"Tickets please." Said the conductor. I handed him my ticket and he said, "Burgooney, eh mate?"
"Ya just come out from the old country have ya mate?"
"Yes, I've been here for about nearly 2 weeks now."
"Jesus Christ mate, you're in for a right eye-opener."
"What do you mean?"
"You'll find out sport." He said as he punched the ticket.
"What's this can for?" I said.
"Oh, ya never seen one of those before mate? At about 8 O'clock tonight one of the stewards will fill it up with hot water. Keep ya feet warm mate. It gets pretty cold out West this time of year. There's a blanket overhead. You'll need that or you'll freeze ya arse off. You can get ya self some sandwiches and hot tea when the canteen opens. You'll need that too. Give us a holler if ya need anything else. There's hardly a soul on the train so I've got lots of spare time this trip."
"Thanks." I said and put mi ticket in mi back pocket so I wouldn't lose it.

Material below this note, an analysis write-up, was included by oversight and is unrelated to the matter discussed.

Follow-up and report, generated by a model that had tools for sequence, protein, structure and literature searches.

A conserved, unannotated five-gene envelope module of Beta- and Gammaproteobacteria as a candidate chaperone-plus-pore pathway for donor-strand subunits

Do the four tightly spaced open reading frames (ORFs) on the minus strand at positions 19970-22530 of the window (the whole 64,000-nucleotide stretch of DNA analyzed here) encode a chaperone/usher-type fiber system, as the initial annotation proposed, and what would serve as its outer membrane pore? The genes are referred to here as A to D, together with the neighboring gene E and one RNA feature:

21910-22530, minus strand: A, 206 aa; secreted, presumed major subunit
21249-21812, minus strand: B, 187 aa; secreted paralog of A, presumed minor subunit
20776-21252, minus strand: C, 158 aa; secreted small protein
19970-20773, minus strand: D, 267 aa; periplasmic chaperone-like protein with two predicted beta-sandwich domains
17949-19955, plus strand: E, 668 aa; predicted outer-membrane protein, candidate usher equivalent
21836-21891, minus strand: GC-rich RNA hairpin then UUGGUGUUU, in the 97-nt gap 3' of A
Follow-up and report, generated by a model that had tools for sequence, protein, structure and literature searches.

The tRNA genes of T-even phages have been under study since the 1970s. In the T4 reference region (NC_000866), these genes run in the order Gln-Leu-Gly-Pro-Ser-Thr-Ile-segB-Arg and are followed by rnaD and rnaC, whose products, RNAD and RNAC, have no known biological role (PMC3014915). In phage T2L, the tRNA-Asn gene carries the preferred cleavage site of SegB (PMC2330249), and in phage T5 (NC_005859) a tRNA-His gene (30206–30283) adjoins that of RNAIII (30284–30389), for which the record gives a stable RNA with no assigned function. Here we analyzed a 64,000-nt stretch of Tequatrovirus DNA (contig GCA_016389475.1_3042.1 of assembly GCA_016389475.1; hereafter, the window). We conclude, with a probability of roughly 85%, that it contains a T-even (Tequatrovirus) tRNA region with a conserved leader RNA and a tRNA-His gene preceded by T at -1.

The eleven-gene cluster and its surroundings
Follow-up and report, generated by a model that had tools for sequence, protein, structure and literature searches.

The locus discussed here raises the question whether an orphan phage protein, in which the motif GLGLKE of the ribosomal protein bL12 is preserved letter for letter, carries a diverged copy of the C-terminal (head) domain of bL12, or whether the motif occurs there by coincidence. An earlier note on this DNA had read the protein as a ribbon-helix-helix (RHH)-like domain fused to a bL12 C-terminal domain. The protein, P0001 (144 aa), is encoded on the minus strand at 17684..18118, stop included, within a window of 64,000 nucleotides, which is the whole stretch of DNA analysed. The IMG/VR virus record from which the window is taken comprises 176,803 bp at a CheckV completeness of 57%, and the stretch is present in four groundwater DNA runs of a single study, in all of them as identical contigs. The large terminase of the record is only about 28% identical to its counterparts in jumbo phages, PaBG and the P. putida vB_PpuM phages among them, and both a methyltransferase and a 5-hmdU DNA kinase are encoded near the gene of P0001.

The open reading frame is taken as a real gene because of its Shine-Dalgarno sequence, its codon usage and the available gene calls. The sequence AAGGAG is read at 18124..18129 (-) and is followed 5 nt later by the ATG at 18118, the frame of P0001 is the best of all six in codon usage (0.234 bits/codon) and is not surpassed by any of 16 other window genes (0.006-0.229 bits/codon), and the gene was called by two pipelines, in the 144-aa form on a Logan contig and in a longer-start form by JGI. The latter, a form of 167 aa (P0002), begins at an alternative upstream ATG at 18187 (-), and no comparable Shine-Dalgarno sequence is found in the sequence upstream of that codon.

After, I bought some sandwiches, hot tea, a bottle of pop and a couple of bags of chips. I ate them all and then set about rolling myself a big fat Havelock cigarette. It was pitch dark out the window now so I read an old newspaper that someone had left behind.
All through the dark night we traveled, almost non-stop. The tin of hot water was great to put mi feet on because by now it had gotten really cold. I dozed and nodded the night away and when the sun came up at 6 in the morning I could no longer recognize any of the scenery. Looking out the window all I could see for miles around was wide-open spaces. Some of the red land was quite barren in places and in others there was only Mali for miles and miles. (Mali country is best described as dense bush.)
"Lamb chops, bacon and eggs do ya for breakfast?" said the steward.
"That sounds great."
"It's being served up in the dining car in about 10 minutes so you'd might as well go through now."
I had not rested too well that previous evening because it was so cold and the thought of bacon, eggs and lamb chops with a hot cuppa tea was all I needed to get mi
stiff little body mobile again.